HepCInfo Update 8.11
Welcome to CATIE's HepCInfo Update 8.11 for May 13 to May 26, 2017. Read on to learn more about new and updated scientific findings in hepatitis C prevention, care, treatment and support.
New and noteworthy
An experimental hepatitis C treatment of 12 weeks of glecaprevir and pibrentasvir cured 99% of participants, reported researchers at the International Liver Congress.
Glecaprevir is a protease inhibitor and pibrentasvir is an NS5A inhibitor. They are combined into one pill that is taken once per day.
Of the 146 people in the study the majority (59.6%) had genotype 1 virus, 23% had genotype 2 virus, 11% had genotype 4 virus, 1.4% had genotype 5 virus and 5% had genotype 6 virus. This treatment was tested in people with genotype 3 virus in another study.
Three-quarters of participants had never been treated before. A majority of participants were male (62%), white (82%) and the mid-range in age was 60 years.
Treatment was safe and well tolerated. The most common side effects were headache (14%), fatigue (19%) and itching (10%). In most cases, these side effects were mild. (HIVandhepatitis.com, April 2017)
Only a small number of people who use drugs and enrolled in opioid substitution therapy (OST) were reinfected with hepatitis C after being cured through treatment with Zepatier, reported researchers at the 25th Harm Reduction International Conference.
A late stage trial of Zepatier which consists of two direct-acting antiviral (DAA) medications, grazoprevir and elbasvir, enrolled people who had been taking OST for a least three months. Participants were screened regularly for drug use but were not disqualified from the study if they used drugs.
The study had 301 participants with either genotype 1, 4 or 6 virus who had not previously been treated. Over half of participants used street drugs during the study.
In the first phase of the study, participants received Zepatier for 12 weeks and 91% were cured.
In the second phase, two-thirds of the study participants (199 people) agreed to be followed for three years. They had clinic visits every six months to test for hepatitis C. If this test was positive the genetic material of the virus was tested to see if this virus was different from the virus they previously had.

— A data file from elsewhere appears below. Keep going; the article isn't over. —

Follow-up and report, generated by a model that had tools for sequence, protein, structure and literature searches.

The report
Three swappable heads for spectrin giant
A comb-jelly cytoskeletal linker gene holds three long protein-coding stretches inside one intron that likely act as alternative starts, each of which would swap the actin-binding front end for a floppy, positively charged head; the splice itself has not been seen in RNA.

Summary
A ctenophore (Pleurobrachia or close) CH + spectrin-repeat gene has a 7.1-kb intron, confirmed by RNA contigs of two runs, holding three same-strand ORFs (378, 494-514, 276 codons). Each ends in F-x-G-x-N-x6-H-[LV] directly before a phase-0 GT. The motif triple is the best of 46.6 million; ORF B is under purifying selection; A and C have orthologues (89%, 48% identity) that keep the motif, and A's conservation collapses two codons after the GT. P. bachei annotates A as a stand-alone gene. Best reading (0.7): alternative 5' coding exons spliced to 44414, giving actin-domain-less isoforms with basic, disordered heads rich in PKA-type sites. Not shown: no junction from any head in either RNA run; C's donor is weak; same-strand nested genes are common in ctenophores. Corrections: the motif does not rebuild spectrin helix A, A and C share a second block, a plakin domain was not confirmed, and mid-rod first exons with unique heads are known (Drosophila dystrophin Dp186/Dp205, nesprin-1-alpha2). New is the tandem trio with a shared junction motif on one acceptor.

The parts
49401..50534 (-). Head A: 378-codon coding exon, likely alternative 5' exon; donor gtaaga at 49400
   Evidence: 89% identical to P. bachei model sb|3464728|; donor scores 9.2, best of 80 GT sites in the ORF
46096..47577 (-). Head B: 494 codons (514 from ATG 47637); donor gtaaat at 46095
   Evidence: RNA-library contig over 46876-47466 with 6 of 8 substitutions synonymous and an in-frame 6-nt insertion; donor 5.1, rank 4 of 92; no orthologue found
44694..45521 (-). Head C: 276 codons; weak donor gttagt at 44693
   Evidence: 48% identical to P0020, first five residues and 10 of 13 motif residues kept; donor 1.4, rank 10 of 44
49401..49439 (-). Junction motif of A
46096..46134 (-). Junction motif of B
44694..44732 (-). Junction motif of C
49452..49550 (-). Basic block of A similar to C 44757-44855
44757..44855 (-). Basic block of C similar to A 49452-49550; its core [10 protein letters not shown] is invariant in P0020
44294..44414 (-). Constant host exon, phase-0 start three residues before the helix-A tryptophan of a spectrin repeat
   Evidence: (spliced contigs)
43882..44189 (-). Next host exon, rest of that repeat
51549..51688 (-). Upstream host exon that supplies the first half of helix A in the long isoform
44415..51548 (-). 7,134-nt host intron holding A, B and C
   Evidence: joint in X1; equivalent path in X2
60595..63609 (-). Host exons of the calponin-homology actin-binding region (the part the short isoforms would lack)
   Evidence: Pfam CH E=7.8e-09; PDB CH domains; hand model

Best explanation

Reinfection rates were low. Five participants were reinfected by 12 weeks of follow up, one more person became reinfected at week 24 and two more at six months for a total of eight reinfections (4.0 per 100 person years).
Drug use stayed approximately the same over the three-year follow up period. With regard to injection drug use, 21% said they had injected drugs in the past month, while 25% said they had done so in the last six months.
According to the researchers, “these results support advocacy efforts to expand hepatitis C treatment for people who inject drugs.” (hivandhepatitis.com, May 2017)
Long-term administration of human albumin, a protein that helps maintain fluid balance in the body, was associated with fewer serious complications and hospitalizations and longer survival for people with decompensated liver disease, reported researchers at the International Liver Congress.
Decompensated cirrhosis occurs when the liver can no longer carry out its functions due to the accumulation of scar tissue and the blockage of blood flow. Complications of decompensation include ascites (build up of fluid in abdominal cavity), bleeding veins in the esophagus and hepatic encephalopathy (confusion, forgetfulness and other changes in brain function).
This study enrolled 440 participants with advanced cirrhosis from 30 centres in Italy.
Participants were randomly assigned to receive standard medical treatment (diuretics) or standard treatment plus human albumin (40 grams twice weekly for two weeks, then reduced to once weekly). They were followed for 18 months.
Participants who received albumin had a higher survival rate than those who did not. After 18 months, 78% of people who used albumin were still alive compared to 66% of those with standard therapy alone.
People who took albumin were also less likely to need paracentesis (removal of fluid from the abdomen using a needle). After 18 months, 38% of people in the albumin arm underwent paracentesis at least once, compared to 66% in the standard treatment arm.
After 18 months, only 25% or people in the albumin arm had ascites versus 48% in the standard treatment arm.
Hospitalizations were also reduced in the arm receiving albumin, with 35% fewer hospitalizations and 45% less days spent in the hospital compared to the standard treatment arm.
People in the albumin arm were also less likely to develop other complications of cirrhosis, such as, bacterial infections, hepatic encephalopathy, bleeding veins in the esophagus and kidney problems, including kidney failure. (HIVandhepatitis.com, May 2017)
Straight to the source for new science
Continuum of care for hepatitis C virus among patients diagnosed in the emergency department setting, Clinical Infectious Diseases, February 2017
Education and equipment for people who smoke crack cocaine in Canada: progress and limits, Harm Reduction Journal, May 2017